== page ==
We are left with answer 1, which is the correct answer, as it portrays figure Z while the blank section becomes shaded and the dotted area becomes blank.

Sample Question 10:

Which option completes the sequence best?

Next In Series Question

The correct answer is (C)

Figure X and figure Y are as follows: figure Y is figure X flipped vertically.

The correct answer must have the same relationship as figure Z.

You can eliminate answer A, as it represents figure Z rotated 90° counterclockwise.
You can eliminate answer B, as it represents figure Z flipped vertically and rotated 90° counterclockwise.
You can eliminate answer D, as it represents figure Z flipped horizontally.
You can eliminate answer E, as it is identical to figure Z.

You are left with answer 3, which is the correct answer, as it is depicted in figure Z flipped vertically.

Visualizing the entire figure flipped vertically can be challenging, breaking figure Z into smaller parts and imagining those parts flipped independently. First, notice the two triangles: the outer triangle on the left-hand side and the inner triangle. If you try to visualize the outer triangle flipped vertically, you will realize it looks the same.
Based on this alone, you can already solve the problem. The only two answer choices that show the outer triangle unchanged are answers three and. As stated above, answer five can be eliminated since it is identical to figure Z.
If you want to examine further, notice that the inner triangle base in figure Z is on top.
In contrast, the triangle 'points down'. If it is then flipped vertically, the ground will be on the bottom while the triangle 'points up'.

There are two pairs of images presented in this series of questions. There will be one pair that is complete and one pair that is incomplete. There will be differences between the two pairs, despite their similar patterns. It is therefore necessary to identify what is alike in the first set so that it can be organically incorporated into the second set.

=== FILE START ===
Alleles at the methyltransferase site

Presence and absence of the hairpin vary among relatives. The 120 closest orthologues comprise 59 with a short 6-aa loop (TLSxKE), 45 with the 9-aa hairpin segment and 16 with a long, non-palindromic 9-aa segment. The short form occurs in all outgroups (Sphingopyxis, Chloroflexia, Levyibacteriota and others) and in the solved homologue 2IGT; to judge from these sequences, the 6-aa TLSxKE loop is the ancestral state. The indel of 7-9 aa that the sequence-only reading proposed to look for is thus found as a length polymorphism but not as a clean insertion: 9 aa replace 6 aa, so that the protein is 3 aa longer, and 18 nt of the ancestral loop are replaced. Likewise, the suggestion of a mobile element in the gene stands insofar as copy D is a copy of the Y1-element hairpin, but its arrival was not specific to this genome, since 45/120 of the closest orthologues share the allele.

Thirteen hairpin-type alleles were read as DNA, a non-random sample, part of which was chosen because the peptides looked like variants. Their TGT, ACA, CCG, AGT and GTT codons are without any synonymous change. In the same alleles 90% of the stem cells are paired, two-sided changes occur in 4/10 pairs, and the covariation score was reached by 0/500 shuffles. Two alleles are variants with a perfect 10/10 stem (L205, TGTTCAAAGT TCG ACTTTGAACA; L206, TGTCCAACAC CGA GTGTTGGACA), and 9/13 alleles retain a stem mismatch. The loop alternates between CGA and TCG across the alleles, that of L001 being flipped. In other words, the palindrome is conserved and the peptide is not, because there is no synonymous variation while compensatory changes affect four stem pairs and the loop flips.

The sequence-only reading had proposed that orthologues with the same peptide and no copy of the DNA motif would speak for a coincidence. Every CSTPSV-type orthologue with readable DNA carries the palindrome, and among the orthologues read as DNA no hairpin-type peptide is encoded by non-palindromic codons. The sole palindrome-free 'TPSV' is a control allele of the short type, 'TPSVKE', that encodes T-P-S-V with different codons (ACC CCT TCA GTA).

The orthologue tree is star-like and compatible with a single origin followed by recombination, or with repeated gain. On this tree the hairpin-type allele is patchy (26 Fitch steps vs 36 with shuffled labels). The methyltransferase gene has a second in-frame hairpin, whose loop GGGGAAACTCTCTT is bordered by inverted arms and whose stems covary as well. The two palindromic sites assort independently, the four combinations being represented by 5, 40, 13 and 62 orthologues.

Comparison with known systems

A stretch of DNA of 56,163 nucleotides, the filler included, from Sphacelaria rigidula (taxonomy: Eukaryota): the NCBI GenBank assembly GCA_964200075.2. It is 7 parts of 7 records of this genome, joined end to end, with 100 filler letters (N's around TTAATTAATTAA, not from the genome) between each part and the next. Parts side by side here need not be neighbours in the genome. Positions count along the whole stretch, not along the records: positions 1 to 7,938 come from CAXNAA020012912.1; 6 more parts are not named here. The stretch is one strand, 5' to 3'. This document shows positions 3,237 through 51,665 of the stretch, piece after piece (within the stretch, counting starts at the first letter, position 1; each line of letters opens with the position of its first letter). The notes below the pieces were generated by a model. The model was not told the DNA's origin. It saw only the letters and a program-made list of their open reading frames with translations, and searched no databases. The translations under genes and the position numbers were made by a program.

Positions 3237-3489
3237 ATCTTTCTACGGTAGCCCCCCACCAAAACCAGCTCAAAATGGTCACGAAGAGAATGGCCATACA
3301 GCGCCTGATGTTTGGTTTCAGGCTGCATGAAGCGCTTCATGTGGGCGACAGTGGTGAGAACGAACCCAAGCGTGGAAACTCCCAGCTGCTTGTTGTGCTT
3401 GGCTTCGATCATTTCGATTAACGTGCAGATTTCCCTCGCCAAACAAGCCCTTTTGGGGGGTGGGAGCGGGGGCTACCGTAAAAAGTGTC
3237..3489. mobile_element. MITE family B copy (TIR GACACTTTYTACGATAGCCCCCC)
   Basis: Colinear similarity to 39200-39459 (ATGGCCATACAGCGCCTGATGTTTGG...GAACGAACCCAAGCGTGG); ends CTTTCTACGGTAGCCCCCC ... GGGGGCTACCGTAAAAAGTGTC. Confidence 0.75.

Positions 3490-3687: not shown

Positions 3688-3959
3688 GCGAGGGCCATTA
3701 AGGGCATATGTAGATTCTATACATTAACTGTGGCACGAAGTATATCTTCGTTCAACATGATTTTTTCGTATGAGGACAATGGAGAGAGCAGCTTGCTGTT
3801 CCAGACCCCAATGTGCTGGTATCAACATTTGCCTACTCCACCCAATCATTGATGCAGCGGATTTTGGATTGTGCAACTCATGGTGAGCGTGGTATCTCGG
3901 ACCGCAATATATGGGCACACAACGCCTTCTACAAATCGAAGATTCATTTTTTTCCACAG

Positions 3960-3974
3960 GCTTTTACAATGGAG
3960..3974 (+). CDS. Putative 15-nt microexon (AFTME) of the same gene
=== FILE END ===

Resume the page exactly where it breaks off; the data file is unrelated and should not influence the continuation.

This test measures your ability to think laterally and fluidly to determine your ability to recognize patterns, rules, and trends in data. In this test, your future employer will be able to determine your ability to learn new skills, solve problems strategically, and analyse new information. Check out these Abstract Reasoning Analogies questions. Other Abstract Reasoning practice questions are included in Saville, CCAT, and Aon cut-e.

Want to Practice More?

Challenge yourself with more Abstract Reasoning sample questions. Find additional practice questions in Saville, CCAT, and Aon cut-e.

Continue Practicing for the Abstract Reasoning Exam

Access more Abstract Reasoning practice tests and other valuable Abstract Reasoning prep materials so that you take the test while being as prepared as possible:

  • Alva Labs Logic Test - Includes 3 Alva Logic test practice simulations and a full Alva Personality Test.
  • Matrigma Test Preparation- Learn with 2 Full Abstract Reasoning Matrigma Test Simulations, 8 extra Matrices practice tests, and 11 Inductive reasoning exercises.
  • Raven Practice - This prep pack includes 4 Raven's Advanced Progressive Matrices Tests and one full Raven's Standard Progressive Matrices Test.
  • UCAT Abstract Reasoning - Includes 11 Abstract Reasoning Tests (340 questions), 2 Full UCAT Cognitive Simulations (318 questions), Verbal Reasoning, Decision-Making, and Quantitative Reasoning questions.
  • Hudson Abstract Reasoning Test Prepack offers 3 Full-length Hudson-style Abstract Reasoning practice tests and nine additional Diagrammatic drills.
  • EPSO Abstract Reasoning Test Practice - In this prep pack, you'll find 7 EPSO-Style Abstract reasoning tests and 8 extra practice drills and tests.
  • Saville Abstract Tests - 4 Timed full Saville Abstract Reasoning Practice Tests 25 Additional Abstract Reasoning Practice Tests.

More Free Practice

We at JobTestPrep find the assessment tests world highly diverse and fascinating. If you are looking to deepen your knowledge in the aptitude tests world, or you want some extra practice before your test, we've got you covered!

Check out these fantastic free practice tests (all are completely free):

Free Aptitude Test | Free Psychometric Test | Free Numerical Reasoning Test | Free Verbal Reasoning Test | Free Cognitive Test | Free Critical Thinking Test | Free Spatial Reasoning Tets | Free Personality Test | Free Inductive Test | Free Mechanical Reasoning Test